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Section 9.1.  Substitutions with s///

 
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9.1. Substitutions with s///

If you think of the m// pattern match as being like your word processor's "search" feature, the "search and replace" feature would be Perl's s/// substitution operator. This replaces whichever part of a variable[*] matches a pattern with a replacement string:

[*] Unlike m//, which can match against any string expression, s/// is modifying data that must be contained in what's known as an lvalue. This is nearly always a variable, though it could be anything that could be used on the left side of an assignment operator.

    $_ = "He's out bowling with Barney tonight.";
    s/Barney/Fred/;  # Replace Barney with Fred
    print "$_\n";

If the match fails, nothing happens, and the variable is untouched:

    # Continuing from above; $_ has "He's out bowling with Fred tonight."
    s/Wilma/Betty/;  # Replace Wilma with Betty (fails)

The pattern and the replacement string could be more complex. Here, the replacement string uses the first memory variable, $1, which is set by the pattern match:

    s/with (\w+)/against $1's team/;
    print "$_\n";  # says "He's out bowling against Fred's team tonight."

Here are some other possible substitutions. (These are here only as samples; in the real world, it would not be typical to do so many unrelated substitutions in a row.)

    $_ = "green scaly dinosaur";
    s/(\w+) (\w+)/$2, $1/;  # Now it's "scaly, green dinosaur"
    s/^/huge, /;            # Now it's "huge, scaly, green dinosaur"

    s/,.*een//;             # Empty replacement: Now it's "huge dinosaur"
    s/green/red/;           # Failed match: still "huge dinosaur"
    s/\w+$/($`!)$&/;        # Now it's "huge (huge !)dinosaur"
    s/\s+(!\W+)/$1 /;       # Now it's "huge (huge!) dinosaur"
    s/huge/gigantic/;       # Now it's "gigantic (huge!) dinosaur"

There's a useful Boolean value from s///. It's true if a substitution was successful; otherwise it's false:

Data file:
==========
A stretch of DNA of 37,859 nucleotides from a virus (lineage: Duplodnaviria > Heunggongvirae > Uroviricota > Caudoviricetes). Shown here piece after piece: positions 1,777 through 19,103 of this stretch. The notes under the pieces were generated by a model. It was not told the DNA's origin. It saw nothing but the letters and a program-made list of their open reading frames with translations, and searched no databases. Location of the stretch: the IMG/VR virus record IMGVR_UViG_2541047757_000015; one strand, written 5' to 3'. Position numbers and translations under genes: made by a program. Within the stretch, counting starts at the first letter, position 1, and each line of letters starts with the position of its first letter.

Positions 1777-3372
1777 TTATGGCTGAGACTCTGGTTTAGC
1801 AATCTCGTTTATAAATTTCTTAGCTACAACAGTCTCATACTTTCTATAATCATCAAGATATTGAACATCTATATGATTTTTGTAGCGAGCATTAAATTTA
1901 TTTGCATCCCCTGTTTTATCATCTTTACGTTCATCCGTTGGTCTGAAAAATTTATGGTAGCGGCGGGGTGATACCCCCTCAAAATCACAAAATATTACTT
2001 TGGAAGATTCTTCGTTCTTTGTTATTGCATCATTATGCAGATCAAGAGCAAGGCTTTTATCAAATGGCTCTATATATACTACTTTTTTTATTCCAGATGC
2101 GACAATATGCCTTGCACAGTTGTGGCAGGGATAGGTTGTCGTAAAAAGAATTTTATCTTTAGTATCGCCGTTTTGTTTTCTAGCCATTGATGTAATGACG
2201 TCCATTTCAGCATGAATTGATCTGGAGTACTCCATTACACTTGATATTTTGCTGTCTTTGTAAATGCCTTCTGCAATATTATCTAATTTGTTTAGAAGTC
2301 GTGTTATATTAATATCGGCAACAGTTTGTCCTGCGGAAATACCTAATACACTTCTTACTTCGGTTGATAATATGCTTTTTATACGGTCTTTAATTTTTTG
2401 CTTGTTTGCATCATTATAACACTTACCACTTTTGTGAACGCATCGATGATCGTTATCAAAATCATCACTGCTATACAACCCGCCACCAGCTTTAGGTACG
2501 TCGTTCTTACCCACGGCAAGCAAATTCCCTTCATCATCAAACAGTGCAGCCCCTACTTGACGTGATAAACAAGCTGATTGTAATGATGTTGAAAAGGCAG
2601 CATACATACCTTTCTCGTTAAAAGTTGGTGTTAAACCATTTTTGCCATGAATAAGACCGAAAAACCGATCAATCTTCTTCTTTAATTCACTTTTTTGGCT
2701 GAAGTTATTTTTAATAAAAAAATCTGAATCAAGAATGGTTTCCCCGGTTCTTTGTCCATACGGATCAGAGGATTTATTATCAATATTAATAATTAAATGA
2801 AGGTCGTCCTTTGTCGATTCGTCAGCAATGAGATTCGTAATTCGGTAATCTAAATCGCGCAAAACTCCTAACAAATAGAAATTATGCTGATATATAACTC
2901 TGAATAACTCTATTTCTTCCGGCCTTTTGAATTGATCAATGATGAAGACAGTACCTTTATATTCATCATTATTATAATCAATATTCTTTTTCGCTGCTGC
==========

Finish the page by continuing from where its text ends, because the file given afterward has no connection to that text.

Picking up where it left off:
$_ = "fred flintstone";
    if (s/fred/wilma/) {
      print "Successfully replaced fred with wilma!\n";
    }

9.1.1. Global Replacements with /g

As you may have noticed in a previous example, s/// will make only one replacement even if others are possible. Of course, that's just the default. The /g modifier tells s/// to make all possible nonoverlapping[*] replacements:

[*] It's nonoverlapping because each new match starts looking just beyond the latest replacement.

    $_ = "home, sweet home!";
    s/home/cave/g;
    print "$_\n";  # "cave, sweet cave!"

A fairly common use of a global replacement is to collapse whitespacethat is, to turn any arbitrary whitespace into a single space:

    $_ = "Input  data\t may have    extra whitespace.";
    s/\s+/ /g;  # Now it says "Input data may have extra whitespace."

Once we show collapsing whitespace, everyone wants to know about stripping leading and trailing whitespace. That's easy enough, in two steps:

    s/^\s+//;  # Replace leading whitespace with nothing
    s/\s+$//;  # Replace trailing whitespace with nothing

We could do that in one step with an alternation and the /g flag, but that turns out to be a bit slower, at least when we wrote this. The regular expression engine is always being tuned, but to learn more about that, you can get Mastering Regular Expressions (O'Reilly) and find out what makes regular expressions fast (or slow).